Boomers Calling Shots and Setting Trends

Discussion
Sep 23, 2005
George Anderson

By George Anderson


Many of the trends that have developed in recent years and have been credited to the influence of Generations X and Y would never have happened without the consent of Baby Boomers.


That is the conclusion of an article on the RainMaker Thinking Web site, which points out Boomers still make up 42 percent of the workforce and sit in leadership positions within most businesses.


To support its thesis on the power of Boomers to set trends, the article offers this evidence: “If most boomers had rejected the ‘free agent’ norms and values so often associated with Generation X and Generation Y, it would have dried up and blown away. But that’s not what happened. It was when the Boomers embraced the new mindset that these trends became unstoppable.”


Another soon to be unstoppable trend may involve redefining retirement.


As the RainMaker Thinking article points out, many Boomers intend to continue working even after they retire. “Boomers are embracing a new form of retirement. We fully expect boomers to reinvent retirement as a hodgepodge of part-time, flex-time, telecommuting, consulting, and entrepreneuring.” 


Moderator’s Comment: How will Baby Boomers continue to influence business and social trends? What will this mean for retailers?
George Anderson – Moderator

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9 Comments on "Boomers Calling Shots and Setting Trends"


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Warren Thayer
Guest
15 years 5 months ago
When I looked at some demographic profiles of shoppers at various supermarket chains recently, I noticed that Whole Foods does great with Boomers, but that frequency of shopping at that (pricey) outlet plummets once you reach retirement age. If I were Whole Foods, I’d keep my eye on that. (Because conversely, in the very same markets, shopping at plain vanilla supermarkets rises at that magic retirement age.) But in some ways, I think our (Boomer) influence is vastly over-rated. First of all, we never had to give “consent” to Generations X & Y for anything. You might as well try to herd cats. They’ve done their own thing and followed their own drummer, which is great. I continue to learn a lot from them. Yes, we aren’t going to retire in the usual way. By and large, we aren’t ready to have our coronaries at 65, and are relatively more able to work longer. We’ll be paying off college loans for our kids. We’ll be finding ways to get health insurance, or money to pay… Read more »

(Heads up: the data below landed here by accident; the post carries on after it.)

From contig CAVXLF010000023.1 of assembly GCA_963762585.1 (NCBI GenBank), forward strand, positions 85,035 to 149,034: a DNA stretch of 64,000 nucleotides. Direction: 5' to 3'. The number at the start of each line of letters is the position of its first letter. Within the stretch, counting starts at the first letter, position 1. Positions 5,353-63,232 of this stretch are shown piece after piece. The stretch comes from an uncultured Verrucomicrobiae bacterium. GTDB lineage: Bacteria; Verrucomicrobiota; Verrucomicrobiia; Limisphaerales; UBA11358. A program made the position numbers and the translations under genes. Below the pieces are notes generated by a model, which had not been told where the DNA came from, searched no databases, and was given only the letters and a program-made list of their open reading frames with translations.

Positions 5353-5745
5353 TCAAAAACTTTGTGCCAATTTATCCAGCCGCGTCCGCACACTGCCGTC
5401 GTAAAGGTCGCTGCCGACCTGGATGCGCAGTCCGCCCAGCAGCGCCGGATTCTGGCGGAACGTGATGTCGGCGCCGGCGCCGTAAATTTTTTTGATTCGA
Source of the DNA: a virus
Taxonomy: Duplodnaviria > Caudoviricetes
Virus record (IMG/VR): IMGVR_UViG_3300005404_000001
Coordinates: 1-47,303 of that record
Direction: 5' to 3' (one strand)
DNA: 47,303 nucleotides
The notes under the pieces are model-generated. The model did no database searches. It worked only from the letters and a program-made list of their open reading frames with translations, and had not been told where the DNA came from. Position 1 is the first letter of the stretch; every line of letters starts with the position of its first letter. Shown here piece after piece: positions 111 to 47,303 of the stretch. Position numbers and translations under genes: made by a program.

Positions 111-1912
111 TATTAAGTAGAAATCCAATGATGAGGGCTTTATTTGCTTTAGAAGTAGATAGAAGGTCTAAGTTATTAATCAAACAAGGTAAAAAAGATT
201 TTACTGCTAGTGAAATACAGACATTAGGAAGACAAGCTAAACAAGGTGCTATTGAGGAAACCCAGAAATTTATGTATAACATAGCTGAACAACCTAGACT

Stephan Kouzomis
Guest
Stephan Kouzomis
15 years 5 months ago

Baby Boomers, in the 60’s, set the stage for change in our country. Anti-government, corporate distrust, and free spirited wants…a selfishness, if you will.

Now, the wealthiest generation ever, this group continues to spend, and enjoy life. If the trends are being set, I would think that they would be in medicine, special foods and meals, and physical activities.

I would argue the Boomers created a difficult time for the X and Y generations, who socialize differently, eat differently, and have questioned the corporate and governmental worlds’ values more than the Baby Boomers…but not as actively as the Boomers (re: Viet Nam).

Distrust and latch key syndrome are prevalent in X, Y,and new Millennium generations. We Boomers took a lot away from our children…asking why no jobs, more wars, etc.